As long as customer acquisition keeps consuming marketing efforts, your customer churn rate will continue to rise. When left unchecked, customer churn not only wastes your acquisition efforts, it also reduces revenue and narrows your profit margins.
In order to increase customer spending and overall revenue, reducing churn through Retention Marketing is crucial for your business success. Measuring your churn rate and understanding your ability to retain customers is the first step towards reducing it.
Define Churn Rate
Customer churn can be defined as when a customer unsubscribes from your service, ceases to purchase from you, or simply stops engaging with your brand. In other words, your customer leaves you for a competitor.
Adobe reports that online retailers spend nearly 80% of their digital marketing budgets acquiring shoppers. But where is an e-commerce company’s budget better spent?
Research continues to prove that existing customers are worth far more than newly acquired customers. In Bain & Company’s Prescription for Cutting Costs paper, they found increasing customer retention rates by 5% increases profits by 25% to 95%.
So now we’ve established the importance of customer retention and reducing churn, let’s work out how to measure your customer churn rate.
How Do I Measure My Customer Churn Rate?
A customer churn rate allows you measure how many of your customers leave within a specific time period. Taken as a percentage, a customer churn rate is often measured on a monthly, quarterly or annual basis.
Before you measure your churn rate, it’s important to first define what constitutes an actual churn event for your business. For a software as a service (SaaS) company it makes sense to measure churn based on the length of a subscription/membership. You define a churn event as when a customer does not renew or cancels their subscription.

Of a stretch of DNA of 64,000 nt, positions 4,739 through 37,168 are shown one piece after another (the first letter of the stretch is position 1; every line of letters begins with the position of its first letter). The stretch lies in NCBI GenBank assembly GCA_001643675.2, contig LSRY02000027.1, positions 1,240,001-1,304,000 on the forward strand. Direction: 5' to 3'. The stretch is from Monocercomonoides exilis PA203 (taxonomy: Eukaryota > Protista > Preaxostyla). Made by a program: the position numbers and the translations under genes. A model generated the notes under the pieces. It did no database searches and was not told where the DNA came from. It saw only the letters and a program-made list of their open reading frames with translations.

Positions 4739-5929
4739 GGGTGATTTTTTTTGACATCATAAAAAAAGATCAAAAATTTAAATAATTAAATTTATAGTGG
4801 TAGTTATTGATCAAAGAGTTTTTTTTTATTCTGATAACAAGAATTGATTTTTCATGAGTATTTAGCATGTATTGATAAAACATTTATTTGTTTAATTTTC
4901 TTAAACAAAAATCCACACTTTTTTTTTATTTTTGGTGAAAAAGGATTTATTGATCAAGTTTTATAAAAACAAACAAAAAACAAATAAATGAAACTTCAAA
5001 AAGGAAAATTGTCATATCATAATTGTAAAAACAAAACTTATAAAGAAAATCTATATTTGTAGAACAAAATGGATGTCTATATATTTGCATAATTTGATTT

For non SaaS-based companies though it can be a little more unclear. For example, a running shoe retailer who may predict the average customer would repurchase within one and a half to two years when the shoe loses its support; however, for some customers who are athletes, their shoes get worn out and lose support at a faster rate. This is where data science and predictive analytics can drive accuracy: by analyzing customer behavior, a clear rule can be set to define churning customers.
Once you’ve clearly established how you identify your churned customers, you can then calculate your churn rate.
The basic formula for churn rate is:
Churn Rate= # of customers lost in a period/#of customers at the beginning
Let’s say you want to measure customer churn over a month period. As subscription company with 500,000 customers, you have 15,000 customers leave in the month of September.
A 3% monthly churn rate may not seem like anything to worry about initially. However, if you calculate it on an annual basis, that 3% monthly rate equals to 36% of your customer base lost. So in this case, that equates to 180,000 lost customers per year.
Measure your customer churn rate both before and after implementing your retention campaigns. This allows you to measure your campaign’s effectiveness and make adjustments when needed. In other words if your customer churn rate reduces, your campaigns are effective. If it increases then you need to be doing something different.
You Can Present Your Churn Rate As…
- Number of customers lost
- Value of recurring business lost
- Percent of recurring value lost
In addition to measuring your customer churn rate, track your win-back rate. This allows you to measure the number of customers who came back.
For example, Retention Science worked with Dollar Shave Club to reduce churn by reactivating canceled subscribers. When our platform personalizes messaging based on each customer’s reason for leaving, we reengage 50% of customers who unsubscribe. Using this technology, Dollar Shave Club saw a 7x increase in their win-back rate.
To learn more about why customers leave, and how to prevent it by using a scientific approach to eliminate customer churn, download The Scientific Guide to Eliminating Customer Churn